WHO medicines prequalification is in a unique position given its in-depth experience of assessing finished pharmaceutical products (FPPs) and active pharmaceutical ingredients (APIs) across a range of therapeutic areas. Experience in prequalifying quality control laboratories (QCLs) has also proved invaluable when working with countries to increase their capacity to monitor the quality of medicines circulating on their markets.
Hands-on training for regulators
WHO passes on its experience in assessing FPPs and APIs to regulators through hands-on training. This includes opportunities for:
- participation in assessment sessions or in the annual prequalification assessment training, held at UN City, in Copenhagen, Denmark
- rotational fellowships at WHO Headquarters in Geneva, Switzerland for assessors of low- or middle-income countries
- participation in the WHO Collaborative Procedure for Accelerated Registration
- participation in hands-on assessment training organized by individual national regulatory authorities or by regulatory networks.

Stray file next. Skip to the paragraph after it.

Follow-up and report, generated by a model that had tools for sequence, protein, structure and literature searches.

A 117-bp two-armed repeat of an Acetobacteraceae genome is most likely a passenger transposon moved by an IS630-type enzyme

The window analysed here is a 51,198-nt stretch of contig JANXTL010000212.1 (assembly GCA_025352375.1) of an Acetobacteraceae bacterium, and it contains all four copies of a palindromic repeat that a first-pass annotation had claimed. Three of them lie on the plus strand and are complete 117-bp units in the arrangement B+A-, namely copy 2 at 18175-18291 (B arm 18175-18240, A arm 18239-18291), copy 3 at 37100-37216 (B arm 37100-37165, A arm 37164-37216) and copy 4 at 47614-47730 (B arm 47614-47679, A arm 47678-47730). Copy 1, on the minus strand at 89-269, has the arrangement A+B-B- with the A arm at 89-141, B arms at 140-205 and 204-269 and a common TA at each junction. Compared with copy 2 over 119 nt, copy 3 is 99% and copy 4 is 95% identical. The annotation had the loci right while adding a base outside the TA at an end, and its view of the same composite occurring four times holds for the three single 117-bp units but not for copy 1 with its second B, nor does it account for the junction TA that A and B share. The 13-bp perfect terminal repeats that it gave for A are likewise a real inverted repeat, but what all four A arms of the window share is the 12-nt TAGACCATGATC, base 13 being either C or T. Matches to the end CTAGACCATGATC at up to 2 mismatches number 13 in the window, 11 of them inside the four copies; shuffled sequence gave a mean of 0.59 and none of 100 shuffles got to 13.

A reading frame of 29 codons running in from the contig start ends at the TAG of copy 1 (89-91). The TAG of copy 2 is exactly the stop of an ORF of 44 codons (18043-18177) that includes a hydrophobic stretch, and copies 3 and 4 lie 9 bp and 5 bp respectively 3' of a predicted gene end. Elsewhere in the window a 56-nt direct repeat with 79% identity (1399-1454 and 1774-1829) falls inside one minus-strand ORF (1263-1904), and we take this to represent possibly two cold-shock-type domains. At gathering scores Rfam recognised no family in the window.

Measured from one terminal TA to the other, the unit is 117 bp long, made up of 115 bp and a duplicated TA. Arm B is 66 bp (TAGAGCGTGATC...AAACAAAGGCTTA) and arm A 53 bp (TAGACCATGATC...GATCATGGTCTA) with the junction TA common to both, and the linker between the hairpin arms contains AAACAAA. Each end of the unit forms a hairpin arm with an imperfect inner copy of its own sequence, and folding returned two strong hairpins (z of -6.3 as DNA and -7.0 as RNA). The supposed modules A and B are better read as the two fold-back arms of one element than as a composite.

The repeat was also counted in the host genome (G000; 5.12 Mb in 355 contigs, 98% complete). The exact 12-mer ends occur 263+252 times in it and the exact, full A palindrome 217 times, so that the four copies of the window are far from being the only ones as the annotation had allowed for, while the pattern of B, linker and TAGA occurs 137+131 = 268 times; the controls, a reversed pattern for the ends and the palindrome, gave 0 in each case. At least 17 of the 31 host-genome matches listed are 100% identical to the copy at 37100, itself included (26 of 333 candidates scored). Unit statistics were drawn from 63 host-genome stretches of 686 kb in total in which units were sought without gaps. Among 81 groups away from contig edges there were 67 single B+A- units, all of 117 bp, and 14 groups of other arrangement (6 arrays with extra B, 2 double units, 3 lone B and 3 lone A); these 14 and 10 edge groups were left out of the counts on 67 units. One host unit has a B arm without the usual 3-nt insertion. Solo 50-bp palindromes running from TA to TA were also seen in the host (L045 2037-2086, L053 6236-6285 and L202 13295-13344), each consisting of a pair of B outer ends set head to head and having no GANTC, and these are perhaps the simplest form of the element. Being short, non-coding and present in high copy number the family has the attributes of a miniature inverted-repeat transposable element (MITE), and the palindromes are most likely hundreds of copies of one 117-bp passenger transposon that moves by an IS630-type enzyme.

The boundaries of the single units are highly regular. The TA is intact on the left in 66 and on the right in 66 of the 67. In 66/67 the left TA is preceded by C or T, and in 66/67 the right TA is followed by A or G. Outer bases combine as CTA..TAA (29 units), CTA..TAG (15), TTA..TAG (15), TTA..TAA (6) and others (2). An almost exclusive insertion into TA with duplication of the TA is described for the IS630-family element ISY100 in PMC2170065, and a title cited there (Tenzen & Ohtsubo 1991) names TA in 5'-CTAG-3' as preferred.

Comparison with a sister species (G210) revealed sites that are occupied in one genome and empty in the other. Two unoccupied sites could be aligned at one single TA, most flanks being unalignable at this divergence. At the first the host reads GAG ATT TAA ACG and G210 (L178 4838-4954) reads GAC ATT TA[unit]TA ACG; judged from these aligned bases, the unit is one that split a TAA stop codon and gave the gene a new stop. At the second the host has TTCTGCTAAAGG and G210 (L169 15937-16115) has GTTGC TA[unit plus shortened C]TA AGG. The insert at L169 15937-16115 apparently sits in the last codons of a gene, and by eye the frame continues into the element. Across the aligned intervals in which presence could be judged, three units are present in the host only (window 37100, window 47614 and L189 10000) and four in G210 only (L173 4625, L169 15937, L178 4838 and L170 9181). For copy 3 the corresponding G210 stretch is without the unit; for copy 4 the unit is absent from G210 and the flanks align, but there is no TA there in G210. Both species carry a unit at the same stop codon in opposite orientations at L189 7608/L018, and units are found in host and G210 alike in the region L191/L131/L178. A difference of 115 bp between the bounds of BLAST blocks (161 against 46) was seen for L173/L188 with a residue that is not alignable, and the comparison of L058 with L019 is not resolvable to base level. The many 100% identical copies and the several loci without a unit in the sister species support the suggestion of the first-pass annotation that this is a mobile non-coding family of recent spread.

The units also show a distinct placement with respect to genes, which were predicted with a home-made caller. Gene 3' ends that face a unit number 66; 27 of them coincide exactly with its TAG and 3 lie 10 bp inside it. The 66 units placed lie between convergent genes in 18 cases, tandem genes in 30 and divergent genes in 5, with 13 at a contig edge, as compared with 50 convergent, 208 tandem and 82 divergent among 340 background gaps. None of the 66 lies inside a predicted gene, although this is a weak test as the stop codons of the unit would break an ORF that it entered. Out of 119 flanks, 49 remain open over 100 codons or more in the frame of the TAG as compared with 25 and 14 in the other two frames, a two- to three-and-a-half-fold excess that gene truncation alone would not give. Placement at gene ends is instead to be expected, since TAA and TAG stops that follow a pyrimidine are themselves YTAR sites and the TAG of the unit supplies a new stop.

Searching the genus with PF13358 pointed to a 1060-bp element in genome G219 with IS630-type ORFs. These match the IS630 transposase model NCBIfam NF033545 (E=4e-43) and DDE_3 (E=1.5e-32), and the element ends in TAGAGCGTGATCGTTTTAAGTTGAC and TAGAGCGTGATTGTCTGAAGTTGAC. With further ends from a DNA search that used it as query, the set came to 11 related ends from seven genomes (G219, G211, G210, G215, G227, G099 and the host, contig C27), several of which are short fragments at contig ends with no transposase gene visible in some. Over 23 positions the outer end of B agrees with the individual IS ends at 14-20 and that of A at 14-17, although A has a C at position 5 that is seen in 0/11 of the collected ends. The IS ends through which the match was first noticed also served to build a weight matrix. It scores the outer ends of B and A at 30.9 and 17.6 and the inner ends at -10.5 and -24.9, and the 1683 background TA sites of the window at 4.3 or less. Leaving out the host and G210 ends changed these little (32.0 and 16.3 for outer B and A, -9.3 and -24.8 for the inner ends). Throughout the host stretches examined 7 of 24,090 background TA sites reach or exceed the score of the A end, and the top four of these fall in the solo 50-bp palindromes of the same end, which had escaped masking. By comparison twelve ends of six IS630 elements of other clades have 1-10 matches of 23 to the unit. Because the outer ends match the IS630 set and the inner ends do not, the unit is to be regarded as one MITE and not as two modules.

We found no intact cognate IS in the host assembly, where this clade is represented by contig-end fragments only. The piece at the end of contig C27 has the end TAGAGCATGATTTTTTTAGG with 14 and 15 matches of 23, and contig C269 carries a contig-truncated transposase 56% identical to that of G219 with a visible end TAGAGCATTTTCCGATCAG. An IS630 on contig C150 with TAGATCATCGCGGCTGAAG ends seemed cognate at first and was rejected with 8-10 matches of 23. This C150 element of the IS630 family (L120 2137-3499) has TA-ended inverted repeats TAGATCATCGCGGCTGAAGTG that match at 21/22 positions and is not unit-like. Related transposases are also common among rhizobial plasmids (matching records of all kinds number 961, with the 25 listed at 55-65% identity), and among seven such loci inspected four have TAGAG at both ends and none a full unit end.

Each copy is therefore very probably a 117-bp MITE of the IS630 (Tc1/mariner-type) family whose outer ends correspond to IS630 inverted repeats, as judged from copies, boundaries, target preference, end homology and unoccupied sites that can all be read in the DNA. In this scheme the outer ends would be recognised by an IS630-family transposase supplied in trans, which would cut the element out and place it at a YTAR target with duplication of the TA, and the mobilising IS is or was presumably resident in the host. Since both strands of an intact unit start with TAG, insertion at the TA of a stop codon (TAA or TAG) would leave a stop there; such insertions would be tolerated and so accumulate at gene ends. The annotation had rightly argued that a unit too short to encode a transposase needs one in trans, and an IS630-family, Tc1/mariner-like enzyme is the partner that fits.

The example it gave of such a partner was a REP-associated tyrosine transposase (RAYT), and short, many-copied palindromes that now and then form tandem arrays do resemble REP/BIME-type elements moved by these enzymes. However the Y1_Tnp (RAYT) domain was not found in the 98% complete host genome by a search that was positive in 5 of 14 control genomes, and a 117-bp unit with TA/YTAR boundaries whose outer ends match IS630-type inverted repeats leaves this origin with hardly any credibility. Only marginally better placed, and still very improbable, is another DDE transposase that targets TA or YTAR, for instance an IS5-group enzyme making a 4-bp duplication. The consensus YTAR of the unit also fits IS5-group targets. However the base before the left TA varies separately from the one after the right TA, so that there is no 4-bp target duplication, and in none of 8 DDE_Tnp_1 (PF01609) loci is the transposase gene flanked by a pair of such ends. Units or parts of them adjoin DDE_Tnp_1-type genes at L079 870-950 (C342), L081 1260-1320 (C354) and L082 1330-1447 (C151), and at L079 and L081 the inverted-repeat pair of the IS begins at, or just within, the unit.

The training offered benefits not only regulators but also WHO prequalification since the regulators trained bring their own insights into regulatory issues and the problems that may be faced by manufacturers or QCLs when seeking to attain prequalification. And on returning to their own countries, they continue to promote and support WHO prequalification.
Regulators working with a national medicines regulatory agency who are interested in hands-on training should contact Dr Matthias Stahl if interested in inspection training. Regulators interested in the WHO Collaborative Procedure for Accelerated Registration, or in training organized by national regulatory authorities or by regulatory networks, should contact Dr Luther Gwaza.